Saving on Household Bills
The bills keep coming, and you have no choice but to keep paying them, right? Right – to an extent. There may be ways to trim those bills and not sacrifice quality of life in the meantime.
First Things First
The first step to lowering your bills is simply to look at them. See exactly what it is you're spending your money on. Are you paying money for something that you don't use? See where you can trim the fat.
Next, look for possible areas to save. Can you discuss lower interest rates? Can you shop around for a better price? Have you gotten a coupon offer from a competitor? Will your current provider match it?
Look at not only your monthly utilities, but also other household expenses. Read the articles on saving money on food and clothing to find a little extra wiggle room.
The worst they can say is "no." Call up your credit card companies, and ask to speak with a manager or someone who can give you a lower rate. Tell them what you bring to the table and ask if they can do better on your interest rate.
Call your cable, internet or telephone provider and ask if the promotion being offered by their competitor can be used with them. If not, is it worth switching to save money? Is there bundle pricing that can save you money if you get everything through one provider?
Shop around for prices on things like insurance, heating oil – even electricity providers. Will another supplier offer lower prices? Be sure to check out consumer feedback before making the switch. A lower price is great, but not if it means horrible service. If it sounds too good to be true, it probably is.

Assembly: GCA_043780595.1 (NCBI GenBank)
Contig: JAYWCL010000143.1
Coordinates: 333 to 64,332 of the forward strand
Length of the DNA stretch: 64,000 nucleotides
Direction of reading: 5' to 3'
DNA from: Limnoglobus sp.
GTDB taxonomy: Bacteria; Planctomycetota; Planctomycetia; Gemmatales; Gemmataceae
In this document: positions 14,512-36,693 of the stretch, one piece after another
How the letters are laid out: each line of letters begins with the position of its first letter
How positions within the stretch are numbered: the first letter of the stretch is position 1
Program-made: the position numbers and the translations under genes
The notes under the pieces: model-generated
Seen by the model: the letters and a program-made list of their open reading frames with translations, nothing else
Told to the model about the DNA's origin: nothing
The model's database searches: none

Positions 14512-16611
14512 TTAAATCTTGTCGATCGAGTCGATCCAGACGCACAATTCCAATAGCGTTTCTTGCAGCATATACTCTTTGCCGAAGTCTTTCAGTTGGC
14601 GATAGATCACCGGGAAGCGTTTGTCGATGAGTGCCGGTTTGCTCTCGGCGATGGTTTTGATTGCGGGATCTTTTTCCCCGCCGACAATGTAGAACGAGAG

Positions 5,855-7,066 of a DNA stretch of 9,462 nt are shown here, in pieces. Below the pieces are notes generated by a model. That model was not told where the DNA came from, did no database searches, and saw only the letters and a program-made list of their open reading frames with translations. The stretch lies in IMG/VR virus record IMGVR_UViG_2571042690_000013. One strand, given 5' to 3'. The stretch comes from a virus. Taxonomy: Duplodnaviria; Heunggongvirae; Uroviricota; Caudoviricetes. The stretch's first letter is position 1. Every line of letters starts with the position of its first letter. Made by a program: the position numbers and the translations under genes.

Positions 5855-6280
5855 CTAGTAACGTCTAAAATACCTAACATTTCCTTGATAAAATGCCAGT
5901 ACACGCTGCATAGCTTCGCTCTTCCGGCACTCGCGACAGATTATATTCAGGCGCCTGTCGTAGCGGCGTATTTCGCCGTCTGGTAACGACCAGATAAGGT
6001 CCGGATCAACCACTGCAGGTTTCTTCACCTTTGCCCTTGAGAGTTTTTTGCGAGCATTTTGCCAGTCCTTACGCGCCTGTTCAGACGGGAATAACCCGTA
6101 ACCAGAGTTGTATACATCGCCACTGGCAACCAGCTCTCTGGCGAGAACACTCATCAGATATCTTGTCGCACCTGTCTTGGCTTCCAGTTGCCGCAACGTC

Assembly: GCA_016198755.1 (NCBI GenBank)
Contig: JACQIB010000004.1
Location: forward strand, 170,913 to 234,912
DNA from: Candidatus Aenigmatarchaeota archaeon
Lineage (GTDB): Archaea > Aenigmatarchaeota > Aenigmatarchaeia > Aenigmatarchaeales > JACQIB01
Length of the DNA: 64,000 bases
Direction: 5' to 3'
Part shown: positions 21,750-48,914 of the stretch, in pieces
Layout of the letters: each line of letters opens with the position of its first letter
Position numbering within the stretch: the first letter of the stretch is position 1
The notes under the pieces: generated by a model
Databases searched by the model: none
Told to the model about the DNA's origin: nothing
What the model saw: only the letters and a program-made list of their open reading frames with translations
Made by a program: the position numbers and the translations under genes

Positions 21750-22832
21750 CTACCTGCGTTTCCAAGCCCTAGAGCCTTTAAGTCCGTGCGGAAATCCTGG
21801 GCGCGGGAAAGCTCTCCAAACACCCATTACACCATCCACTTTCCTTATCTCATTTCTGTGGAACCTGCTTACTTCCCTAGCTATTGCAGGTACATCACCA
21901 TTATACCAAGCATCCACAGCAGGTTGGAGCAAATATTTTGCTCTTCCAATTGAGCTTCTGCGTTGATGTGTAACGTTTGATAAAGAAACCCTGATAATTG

How's the interest rate on your mortgage? If your home's value has gone up, or even stayed the same, but your interest rate is a little high, it may be worth it to look into refinancing. Keep in mind this will only be worth it if you plan on being in your home for a few more years, and there will be inquiries into your credit and income.
If your home seems to have a lot of extra space, consider downsizing. Not only will the rent or mortgage likely be lower, but you'll also save on heating and electricity. Along the same lines, look at your vehicle. Would a less expensive car do just as well?
There are likely many ways to save on your bills. Adjusting the thermostat, for example, can save on heating and cooling. Along the same lines, insulating your home can help as well. Check out your local energy provider's website for ideas on how to better insulate your home and save energy. You may even be able to get an energy audit through them, offering even greater long-term savings.
Take a look at your cell phone bill. Are you paying for extra minutes you don't use? Are you paying overage charges when an unlimited plan would save you money? Evaluate the bill with a critical eye. You'd be amazed at what you're paying for unnecessarily.
Along the same lines, look at your phone, internet and cable bill. Are you paying for services you don't need? Channels you don't watch? Call your provider and change your plan if possible.
For an even more drastic cut, look for alternate options. Try lower- or no-cost options: Netflix and Hulu.com instead of a cable bill, Vonage or Skype instead of a phone bill.
Borrow books and movies from the library instead of buying them. Rent tools you'll use once instead of buying them. Split the cost of that expensive equipment with a friend or neighbor.
Ways to save are everywhere. Look around you with a critical eye, and options will present themselves. A little research or effort can mean big dividends down the line.